9. Save the file.

  10. Start the gpudb service. This will start all Kinetica processes on the head node, and if in a clustered environment, processes on the worker nodes:

    service gpudb start
    
  11. Log into the admin application and change the administration account's default password.

Swap Space

It's recommended that swap space equal to 25-50% of the available memory of a machine is available to avoid disk spilling and out-of-memory issues.

Check if there is active swap using the command:

free -h
              total        used        free      shared  buff/cache   available
Mem:            15G        2.0G        5.3G         32M        8.2G         13G
Swap:          6.5G          0B        6.5G

To create a new swap file:

  1. As root, run the dd command with bs set to the desired read and write limit in bytes (usually 1024) and count set to the total size in bytes divided by the specified block size (bs), e.g., when using a bs of 1024 (1KB), count would be the total number of kilobytes for the swap file:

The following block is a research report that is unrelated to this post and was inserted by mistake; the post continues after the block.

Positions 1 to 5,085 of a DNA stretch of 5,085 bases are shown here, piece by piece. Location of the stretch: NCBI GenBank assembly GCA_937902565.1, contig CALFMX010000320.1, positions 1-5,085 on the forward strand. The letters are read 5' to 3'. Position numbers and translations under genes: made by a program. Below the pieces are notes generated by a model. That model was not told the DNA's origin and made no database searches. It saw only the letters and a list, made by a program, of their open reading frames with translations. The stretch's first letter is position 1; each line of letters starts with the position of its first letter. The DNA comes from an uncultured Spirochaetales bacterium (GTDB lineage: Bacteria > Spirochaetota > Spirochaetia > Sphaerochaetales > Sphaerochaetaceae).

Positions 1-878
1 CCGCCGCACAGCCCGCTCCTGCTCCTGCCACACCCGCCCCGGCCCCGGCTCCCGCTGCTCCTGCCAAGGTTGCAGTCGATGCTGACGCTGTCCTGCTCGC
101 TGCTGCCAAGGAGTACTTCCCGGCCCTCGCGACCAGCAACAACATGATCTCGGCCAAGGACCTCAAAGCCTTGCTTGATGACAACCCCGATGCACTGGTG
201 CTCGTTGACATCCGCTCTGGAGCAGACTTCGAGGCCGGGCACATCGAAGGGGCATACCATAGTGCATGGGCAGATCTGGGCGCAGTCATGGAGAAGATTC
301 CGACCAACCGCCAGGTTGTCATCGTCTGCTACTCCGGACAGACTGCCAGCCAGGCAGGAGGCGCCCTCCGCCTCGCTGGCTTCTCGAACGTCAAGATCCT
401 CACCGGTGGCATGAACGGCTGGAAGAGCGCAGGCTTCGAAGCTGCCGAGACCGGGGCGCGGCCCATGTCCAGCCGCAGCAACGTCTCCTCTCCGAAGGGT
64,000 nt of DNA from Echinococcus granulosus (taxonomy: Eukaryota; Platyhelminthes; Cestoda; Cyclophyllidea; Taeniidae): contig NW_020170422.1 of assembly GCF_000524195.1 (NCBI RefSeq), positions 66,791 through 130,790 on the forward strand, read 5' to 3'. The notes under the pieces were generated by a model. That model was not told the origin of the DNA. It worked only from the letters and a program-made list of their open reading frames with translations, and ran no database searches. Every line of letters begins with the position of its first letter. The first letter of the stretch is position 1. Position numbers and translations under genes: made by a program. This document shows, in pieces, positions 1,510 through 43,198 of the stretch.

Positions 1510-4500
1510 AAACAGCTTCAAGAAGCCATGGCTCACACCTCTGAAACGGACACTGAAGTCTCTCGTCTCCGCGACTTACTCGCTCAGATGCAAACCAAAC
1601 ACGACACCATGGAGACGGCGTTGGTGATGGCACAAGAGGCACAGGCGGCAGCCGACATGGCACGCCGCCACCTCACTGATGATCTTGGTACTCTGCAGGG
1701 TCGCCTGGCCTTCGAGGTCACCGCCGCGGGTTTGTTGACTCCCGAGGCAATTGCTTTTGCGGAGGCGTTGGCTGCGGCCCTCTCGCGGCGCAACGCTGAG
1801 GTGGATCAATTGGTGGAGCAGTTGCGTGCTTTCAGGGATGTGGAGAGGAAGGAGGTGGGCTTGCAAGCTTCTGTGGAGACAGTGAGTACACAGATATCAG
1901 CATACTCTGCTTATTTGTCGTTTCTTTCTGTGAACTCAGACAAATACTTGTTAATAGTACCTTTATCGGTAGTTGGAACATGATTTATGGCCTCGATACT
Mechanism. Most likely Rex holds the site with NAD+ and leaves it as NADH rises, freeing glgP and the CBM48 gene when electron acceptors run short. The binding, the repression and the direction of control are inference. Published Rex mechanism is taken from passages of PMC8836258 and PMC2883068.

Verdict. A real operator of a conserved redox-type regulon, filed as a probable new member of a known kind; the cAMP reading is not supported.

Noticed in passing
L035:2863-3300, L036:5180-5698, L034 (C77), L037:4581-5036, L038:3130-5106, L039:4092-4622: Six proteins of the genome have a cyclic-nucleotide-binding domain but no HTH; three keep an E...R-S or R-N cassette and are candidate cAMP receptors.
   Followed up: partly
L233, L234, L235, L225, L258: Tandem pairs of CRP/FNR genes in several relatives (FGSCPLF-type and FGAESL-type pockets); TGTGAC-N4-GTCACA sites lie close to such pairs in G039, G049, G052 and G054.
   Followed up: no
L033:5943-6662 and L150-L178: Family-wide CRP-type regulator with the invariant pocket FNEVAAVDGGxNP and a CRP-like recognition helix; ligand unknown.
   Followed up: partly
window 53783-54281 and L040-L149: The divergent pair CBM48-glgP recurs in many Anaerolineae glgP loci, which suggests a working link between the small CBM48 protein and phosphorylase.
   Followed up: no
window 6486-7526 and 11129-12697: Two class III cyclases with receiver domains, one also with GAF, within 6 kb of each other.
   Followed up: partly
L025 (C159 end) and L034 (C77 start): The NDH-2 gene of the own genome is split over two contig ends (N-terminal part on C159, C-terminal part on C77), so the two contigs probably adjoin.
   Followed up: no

sudo dd if=/dev/zero of=</swapfile/path> bs=1024 count=<total-size>
    
  2. Make the file only accessible to root

    sudo chmod 600 </swapfile/path>
    
  3. Mark the file as swap space:

    sudo mkswap </swapfile/path>
    
  4. Enable the swap file:

    sudo swapon </swapfile/path>
    
  5. Backup the /etc/fstab file and then add the swap file to it to make the swap file permanent:

    sudo cp /etc/fstab /etc/fstab.bak
    echo `</swapfile/path> none swap sw 0 0` | sudo tee -a /etc/fstab
    

Passwordless SSH

If Kinetica is installed in a clustered environment, configuring passwordless SSH will make management considerably easier. Run the following command on the head node to set up passwordless SSH between the head node and the worker nodes for the gpudb users created during deployment:

sudo /opt/gpudb/core/bin/gpudb_hosts_ssh_copy_id.sh